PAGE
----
## 3.5 Missing multivariate data

It’s often the case that one or more components of a multivariate outcome are missing.11

As an example, we’ll consider the bivariate distribution, which is easily marginalized. The coding here is brute force, representing both an array of vector observations y and a boolean array y_observed to indicate which values were observed (others can have dummy values in the input).

array[N] vector[2] y;
array[N, 2] int<lower=0, upper=1> y_observed;

If both components are observed, we model them using the full multi-normal, otherwise we model the marginal distribution of the component that is observed.

for (n in 1:N) {
if (y_observed[n, 1] && y_observed[n, 2]) {
y[n] ~ multi_normal(mu, Sigma);
} else if (y_observed[n, 1]) {
y[n, 1] ~ normal(mu[1], sqrt(Sigma[1, 1]));
} else if (y_observed[n, 2]) {
y[n, 2] ~ normal(mu[2], sqrt(Sigma[2, 2]));
}
}

It’s a bit more work, but much more efficient to vectorize these sampling statements. In transformed data, build up three vectors of indices, for the three cases above:

transformed data {
array[observed_12(y_observed)] int ns12;
array[observed_1(y_observed)] int ns1;
array[observed_2(y_observed)] int ns2;
}

You will need to write functions that pull out the count of observations in each of the three sampling situations. This must be done with functions because the result needs to go in top-level block variable size declaration. Then the rest of transformed data just fills in the values using three counters.

int n12 = 1;
int n1 = 1;
int n2 = 1;
for (n in 1:N) {
if (y_observed[n, 1] && y_observed[n, 2]) {
ns12[n12] = n;
n12 += 1;
} else if (y_observed[n, 1]) {
ns1[n1] = n;
n1 += 1;
} else if (y_observed[n, 2]) {
ns2[n2] = n;
n2 += 1;
}
}

Then, in the model block, everything is vectorizable using those indexes constructed once in transformed data:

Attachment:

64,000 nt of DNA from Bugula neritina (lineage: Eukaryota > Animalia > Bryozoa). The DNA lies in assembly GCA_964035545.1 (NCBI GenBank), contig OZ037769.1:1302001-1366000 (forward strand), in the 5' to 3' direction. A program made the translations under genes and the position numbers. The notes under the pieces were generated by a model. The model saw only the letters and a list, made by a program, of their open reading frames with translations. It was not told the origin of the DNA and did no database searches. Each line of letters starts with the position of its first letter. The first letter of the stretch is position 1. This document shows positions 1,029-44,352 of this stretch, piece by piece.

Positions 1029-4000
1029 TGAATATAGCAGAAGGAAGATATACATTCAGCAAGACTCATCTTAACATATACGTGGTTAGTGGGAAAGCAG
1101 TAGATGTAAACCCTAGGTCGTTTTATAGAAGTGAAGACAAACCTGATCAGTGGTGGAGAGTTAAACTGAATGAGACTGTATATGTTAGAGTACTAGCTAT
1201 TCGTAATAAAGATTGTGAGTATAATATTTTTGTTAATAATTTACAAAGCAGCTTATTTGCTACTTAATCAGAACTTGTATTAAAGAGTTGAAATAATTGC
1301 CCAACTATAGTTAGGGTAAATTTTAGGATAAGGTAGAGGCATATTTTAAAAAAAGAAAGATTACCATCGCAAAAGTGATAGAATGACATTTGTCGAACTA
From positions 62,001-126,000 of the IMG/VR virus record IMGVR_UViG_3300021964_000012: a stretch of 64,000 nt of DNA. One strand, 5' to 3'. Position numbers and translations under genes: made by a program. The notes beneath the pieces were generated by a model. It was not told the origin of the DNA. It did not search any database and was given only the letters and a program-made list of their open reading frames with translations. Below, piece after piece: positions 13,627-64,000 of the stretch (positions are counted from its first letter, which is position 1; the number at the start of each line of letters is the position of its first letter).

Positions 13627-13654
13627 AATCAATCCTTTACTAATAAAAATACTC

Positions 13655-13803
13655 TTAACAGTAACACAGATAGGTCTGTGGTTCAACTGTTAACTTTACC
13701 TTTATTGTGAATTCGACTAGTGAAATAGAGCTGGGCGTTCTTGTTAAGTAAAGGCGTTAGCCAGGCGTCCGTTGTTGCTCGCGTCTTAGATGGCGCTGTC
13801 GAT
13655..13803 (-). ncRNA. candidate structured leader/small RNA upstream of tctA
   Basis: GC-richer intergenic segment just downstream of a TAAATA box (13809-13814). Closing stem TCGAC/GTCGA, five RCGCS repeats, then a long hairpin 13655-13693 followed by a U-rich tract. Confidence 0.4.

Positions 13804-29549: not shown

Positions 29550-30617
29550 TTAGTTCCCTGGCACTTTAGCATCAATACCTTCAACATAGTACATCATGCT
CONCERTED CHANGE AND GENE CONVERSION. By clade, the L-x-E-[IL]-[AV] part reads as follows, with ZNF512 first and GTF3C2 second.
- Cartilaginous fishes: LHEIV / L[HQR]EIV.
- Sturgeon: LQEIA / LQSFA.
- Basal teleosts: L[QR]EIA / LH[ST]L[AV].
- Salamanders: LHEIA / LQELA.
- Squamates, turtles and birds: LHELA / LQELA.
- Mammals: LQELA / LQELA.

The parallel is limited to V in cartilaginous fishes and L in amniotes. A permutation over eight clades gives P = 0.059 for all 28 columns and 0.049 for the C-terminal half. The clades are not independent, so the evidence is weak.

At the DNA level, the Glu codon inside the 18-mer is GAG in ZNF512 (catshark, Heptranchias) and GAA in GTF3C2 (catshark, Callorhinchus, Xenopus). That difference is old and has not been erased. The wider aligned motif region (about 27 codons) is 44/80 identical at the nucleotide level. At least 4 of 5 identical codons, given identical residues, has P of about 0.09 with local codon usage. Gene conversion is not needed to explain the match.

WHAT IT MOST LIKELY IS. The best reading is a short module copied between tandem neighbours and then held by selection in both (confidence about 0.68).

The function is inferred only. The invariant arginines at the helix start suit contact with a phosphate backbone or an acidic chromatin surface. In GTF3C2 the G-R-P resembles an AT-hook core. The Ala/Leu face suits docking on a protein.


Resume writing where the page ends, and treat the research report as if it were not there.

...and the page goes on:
y[ns12] ~ multi_normal(mu, Sigma);
y[ns1] ~ normal(mu[1], sqrt(Sigma[1, 1]));
y[ns2] ~ normal(mu[2], sqrt(Sigma[2, 2]));

The result will be much more efficient than using latent variables for the missing data, but it requires the multivariate distribution to be marginalized analytically. It’d be more efficient still to precompute the three arrays in the transformed data block, though the efficiency improvement will be relatively minor compared to vectorizing the probability functions.

This approach can easily be generalized with some index fiddling to the general multivariate case. The trick is to pull out entries in the covariance matrix for the missing components. It can also be used in situations such as multivariate differential equation solutions where only one component is observed, as in a phase-space experiment recording only time and position of a pendulum (and not recording momentum).

1. This is not the same as missing components of a multivariate predictor in a regression problem; in that case, you will need to represent the missing data as a parameter and impute missing values in order to feed them into the regression.↩︎